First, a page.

Make a fitness goal

Ah … the new year. So much promise and excitement! I am one of the 45% of Americans that makes a resolution; I like to call it my annual goal. I target things I want to see more of (or less of) to have a healthy and happy life full of spirit and happiness. I try to set in place ways to decrease stress and anxiety, as well as create opportunities for adventure and to connect with myself and others … simple, right?

Fitness goals are interesting, because they are very intimate and personal. They mean different things to different people and are challenging by nature. Waking up before the sunrise can be hard, especially if you only gave yourself six hours of sleep or ate a heavy meal the night before (or if you haven’t eaten anything). If you want to lose weight, your efforts need to be consistent. And if you want to start a new habit, you need to have a plan in place for your success. I’m not selling it, am I?  

As part of the Team Better team, you have already taken a big step toward good health and making goals to achieve it. I’m here to keep it real and set you up for what’s to come. This may be my longest blog, but I hope this helps you to succeed. In fact, write your goal for this week on the Team Better message board. I’ll be checking in to see comments and questions. My handle is MamaChi  — I will help you along the way.  

 

Step one to achieving your goal: Set the compass

What is your fitness goal … exactly? Where do you want to be in a year and WHY? Your goal should be personal and for you, and not for anyone else. Make it real and be honest. If you read Jen’s Nutrition Goal about setting SMART goals, you know that writing your goals in black and white sets the stage. Make them specific, measurable, attainable, relevant and timely. Be in charge of your own future and dreams: think it, feel it, own it.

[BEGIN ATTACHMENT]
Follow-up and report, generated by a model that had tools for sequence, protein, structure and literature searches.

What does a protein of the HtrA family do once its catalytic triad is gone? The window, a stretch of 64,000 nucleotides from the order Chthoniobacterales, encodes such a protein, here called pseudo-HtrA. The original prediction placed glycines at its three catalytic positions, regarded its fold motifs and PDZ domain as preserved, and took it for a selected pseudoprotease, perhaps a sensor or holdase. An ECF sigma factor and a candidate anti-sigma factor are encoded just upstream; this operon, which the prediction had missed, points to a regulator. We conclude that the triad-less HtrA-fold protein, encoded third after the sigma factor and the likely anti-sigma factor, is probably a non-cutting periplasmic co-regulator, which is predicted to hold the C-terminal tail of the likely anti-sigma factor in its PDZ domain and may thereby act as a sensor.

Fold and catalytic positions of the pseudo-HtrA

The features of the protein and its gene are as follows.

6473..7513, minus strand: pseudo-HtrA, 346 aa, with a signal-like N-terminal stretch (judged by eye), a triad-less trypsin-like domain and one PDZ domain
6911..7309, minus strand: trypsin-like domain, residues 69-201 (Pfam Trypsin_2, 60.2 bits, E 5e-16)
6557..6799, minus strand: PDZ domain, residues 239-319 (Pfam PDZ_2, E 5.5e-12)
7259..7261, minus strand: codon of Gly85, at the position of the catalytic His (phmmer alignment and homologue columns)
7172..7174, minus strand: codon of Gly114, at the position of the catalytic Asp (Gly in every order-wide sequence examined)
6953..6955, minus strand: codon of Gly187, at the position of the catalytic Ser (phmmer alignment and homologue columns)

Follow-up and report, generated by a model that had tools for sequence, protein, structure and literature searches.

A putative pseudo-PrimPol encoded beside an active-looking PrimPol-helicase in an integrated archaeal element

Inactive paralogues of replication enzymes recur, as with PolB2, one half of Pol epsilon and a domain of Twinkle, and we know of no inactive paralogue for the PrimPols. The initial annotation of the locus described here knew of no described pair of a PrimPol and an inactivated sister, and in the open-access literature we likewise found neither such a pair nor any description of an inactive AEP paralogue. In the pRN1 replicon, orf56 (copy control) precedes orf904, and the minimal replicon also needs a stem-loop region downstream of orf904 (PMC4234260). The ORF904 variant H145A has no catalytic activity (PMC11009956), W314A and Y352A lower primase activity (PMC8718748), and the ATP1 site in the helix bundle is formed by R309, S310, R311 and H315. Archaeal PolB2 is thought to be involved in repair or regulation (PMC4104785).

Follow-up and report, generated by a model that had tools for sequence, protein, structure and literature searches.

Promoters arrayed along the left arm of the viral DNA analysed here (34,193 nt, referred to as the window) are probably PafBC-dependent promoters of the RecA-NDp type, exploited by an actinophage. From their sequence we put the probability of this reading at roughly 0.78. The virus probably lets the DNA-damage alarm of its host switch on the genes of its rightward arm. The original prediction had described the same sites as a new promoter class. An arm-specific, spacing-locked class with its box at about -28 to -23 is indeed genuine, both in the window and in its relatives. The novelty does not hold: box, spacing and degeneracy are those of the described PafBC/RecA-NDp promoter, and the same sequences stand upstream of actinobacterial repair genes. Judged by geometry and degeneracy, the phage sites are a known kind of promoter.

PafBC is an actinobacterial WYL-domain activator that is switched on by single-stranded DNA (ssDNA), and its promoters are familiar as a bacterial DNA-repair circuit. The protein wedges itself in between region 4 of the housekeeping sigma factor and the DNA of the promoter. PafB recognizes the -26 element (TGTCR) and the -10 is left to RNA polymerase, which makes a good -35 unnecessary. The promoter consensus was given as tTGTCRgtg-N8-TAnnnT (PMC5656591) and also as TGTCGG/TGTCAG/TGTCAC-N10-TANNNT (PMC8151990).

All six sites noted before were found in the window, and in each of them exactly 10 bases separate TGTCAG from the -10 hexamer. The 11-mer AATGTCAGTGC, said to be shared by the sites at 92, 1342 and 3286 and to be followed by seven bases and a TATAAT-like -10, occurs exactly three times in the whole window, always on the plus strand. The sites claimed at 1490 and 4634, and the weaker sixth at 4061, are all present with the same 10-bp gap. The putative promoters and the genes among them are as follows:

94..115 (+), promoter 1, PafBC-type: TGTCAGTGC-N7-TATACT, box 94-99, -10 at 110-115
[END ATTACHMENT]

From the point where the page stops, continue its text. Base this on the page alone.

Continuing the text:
Goal: Lose weight

If you are trying to lose weight, be careful to specify exactly what you are going to do differently. Just saying you are going to lose weight isn’t enough. If you aren’t sure how to accomplish it, adding strength training twice a week is a good start. Losing weight is part fitness and part nutrition, so be sure to make an eating goal as well. Take a moment and reflect on your vision and write out what you will change. Be realistic with your weight loss: losing 1-2 pounds a week is a healthy and achievable weight loss goal.

Goal: Exercise more

If you want to exercise more this year, look for something you enjoy, like surfing, biking, yoga or walking. Maybe your first step is to ‘learn’ or ‘sign up’ for an event. Do it this week. Be careful not to throw money to the wind and invest heavily in something that may not work for you. Most sports don’t cost a lot — you don’t need the fancy bike or new snowboard. Borrow, beg and steal (just kidding, don’t steal). And then set yourself some milestone moments — sign up for a 5k walk/run at a cool location, visit a new surf spot, invite friends for spin class together. Whatever you do, make it fun and exciting.   

Here are the recommended guidelines for exercise to get health benefits from the American College of Sports Medicine, the guru’s in the fitness industry.

New to strength training? Here are some strength training tips to get you on the right path or add some variety to your current program.

 

Step two: What are you going to do today? This week?